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The Louisiana National Guard was called out two weeks ago to deal with student protests against alleged overemphasis on sports at Grambling, a predominantly Negro college.
The president of the school for the past 31 years, Dr. Ralph Jones, is undeniably a sports fan. He doubles as the school's baseball coach, he is active in athletic recruiting and has been responsible for building Grambling's reputation as a small-college sports power and a big source of professional athletes. He also has built the college into a fully accredited institution with 4,100 students, one that has an excellent reputation for sending able Negro graduates into business and education.
Sports does not seem to be the real issue at Grambling. The protest is deeper than the announced grievances (among the items demanded by the protesters was "a school yearbook that doesn't look like SPORTS ILLUSTRATED"). The college says the demonstrations were fomented by advocates of Black Power, with athletics being used to attract attention and sympathy. "This is part of a calculated plan to discredit Negro colleges," one Grambling official declared. "This is the only way the Black Power people can make inroads into the middle-class Negro community and hope to establish themselves."
Whatever the actual basis of the six-day protest, the 1,200 demonstrators who showed up en masse at the homecoming football game cheered loudly when Grambling scored and later joined in celebrating the team's 20-14 victory over Texas Southern.
TO THE MANOR BORNE
The pack was in full and glorious cry when the Seavington Hunt burst through the tall iron gates at Montacute House, a manor in Somerset. Unfortunately, it quickly became obvious that the quarry was not a fox but the lady of the manor's pet cat. The cat, named Phelips after the original owners of the 16th-century mansion, scrambled up a tree to safety. Mrs. Yvonne Brock, his owner, was outraged. "When the huntsman arrived he did not even apologize," she said afterward. "If I don't receive a proper apology I shall take steps to have the hunt banned from the district."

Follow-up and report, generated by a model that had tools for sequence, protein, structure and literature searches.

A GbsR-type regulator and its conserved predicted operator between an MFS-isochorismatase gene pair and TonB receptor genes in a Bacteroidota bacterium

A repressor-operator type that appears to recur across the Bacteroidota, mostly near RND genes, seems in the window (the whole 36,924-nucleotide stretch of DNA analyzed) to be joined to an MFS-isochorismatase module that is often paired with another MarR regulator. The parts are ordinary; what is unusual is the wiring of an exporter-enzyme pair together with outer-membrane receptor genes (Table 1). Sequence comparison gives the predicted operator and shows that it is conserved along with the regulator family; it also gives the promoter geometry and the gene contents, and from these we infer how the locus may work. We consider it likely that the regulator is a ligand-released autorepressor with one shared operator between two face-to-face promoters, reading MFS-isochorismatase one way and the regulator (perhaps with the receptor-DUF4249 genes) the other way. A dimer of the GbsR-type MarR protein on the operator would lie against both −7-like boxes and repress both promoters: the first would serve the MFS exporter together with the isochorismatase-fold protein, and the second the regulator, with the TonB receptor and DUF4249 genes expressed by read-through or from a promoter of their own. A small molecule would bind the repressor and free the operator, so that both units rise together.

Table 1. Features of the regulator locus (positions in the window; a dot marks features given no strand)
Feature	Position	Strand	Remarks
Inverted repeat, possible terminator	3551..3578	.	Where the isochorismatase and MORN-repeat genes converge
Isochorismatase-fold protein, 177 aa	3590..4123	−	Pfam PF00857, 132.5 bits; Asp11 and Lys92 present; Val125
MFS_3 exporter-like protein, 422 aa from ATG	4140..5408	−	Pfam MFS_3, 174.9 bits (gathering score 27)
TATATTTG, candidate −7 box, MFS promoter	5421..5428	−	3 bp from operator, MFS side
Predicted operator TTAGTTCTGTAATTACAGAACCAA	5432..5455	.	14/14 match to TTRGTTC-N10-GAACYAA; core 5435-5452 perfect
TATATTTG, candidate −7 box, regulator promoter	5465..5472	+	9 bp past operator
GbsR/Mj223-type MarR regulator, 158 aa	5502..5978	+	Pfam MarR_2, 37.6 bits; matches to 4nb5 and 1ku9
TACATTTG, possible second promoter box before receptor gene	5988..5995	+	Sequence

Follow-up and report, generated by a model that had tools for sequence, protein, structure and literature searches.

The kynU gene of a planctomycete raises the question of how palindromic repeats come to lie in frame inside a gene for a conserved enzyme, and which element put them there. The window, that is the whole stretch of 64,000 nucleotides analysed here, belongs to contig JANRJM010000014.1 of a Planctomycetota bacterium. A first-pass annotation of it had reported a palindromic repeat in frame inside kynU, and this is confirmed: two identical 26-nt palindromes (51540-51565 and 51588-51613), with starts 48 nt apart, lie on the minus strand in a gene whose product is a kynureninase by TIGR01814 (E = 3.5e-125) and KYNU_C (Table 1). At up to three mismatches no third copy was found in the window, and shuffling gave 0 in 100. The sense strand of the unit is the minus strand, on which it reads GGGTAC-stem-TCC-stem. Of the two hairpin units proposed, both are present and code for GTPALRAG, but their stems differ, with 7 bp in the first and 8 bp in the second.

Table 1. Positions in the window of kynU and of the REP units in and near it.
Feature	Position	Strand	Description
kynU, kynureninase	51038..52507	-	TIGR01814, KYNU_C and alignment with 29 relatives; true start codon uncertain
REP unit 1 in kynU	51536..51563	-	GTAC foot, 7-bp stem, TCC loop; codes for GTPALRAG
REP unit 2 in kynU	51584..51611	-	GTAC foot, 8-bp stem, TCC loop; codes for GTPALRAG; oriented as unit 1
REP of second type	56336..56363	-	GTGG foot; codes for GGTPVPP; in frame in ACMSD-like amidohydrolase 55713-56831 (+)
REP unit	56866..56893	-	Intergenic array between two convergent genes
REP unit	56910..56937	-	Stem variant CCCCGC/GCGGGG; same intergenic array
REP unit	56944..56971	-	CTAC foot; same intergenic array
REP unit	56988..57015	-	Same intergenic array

The joint master of the Seavington Hunt, Mr. Tom Squire, claimed the hounds were chasing a fox when the cat got in the way. Furthermore, he said, the hunt did apologize. "The huntsman went up to Mrs. Brock, touched his cap, blew his horn and left," said Squire.
For economic reasons, the proprietors of bowling alleys have in the last few years been changing the kind of varnish used on their lanes. The new chemical compounds produce a slick, hard finish that wears longer but also affects the action of the ball.
Professional bowlers have had to adapt to the new surfaces, or be out of pocket. One of those reluctant to change was Billy Hardwick, who rolled to the top of the tenpin world in 1963 at the age of 22 and earned the nickname of Young Man with the Golden Claw. He had always bowled in an unorthodox fashion, using his index and middle fingers because his ring finger was injured in a high school shop course. By 1965 Hardwick had won $110,000, but last year, bowling week after week on the new surfaces, he earned only $8,420.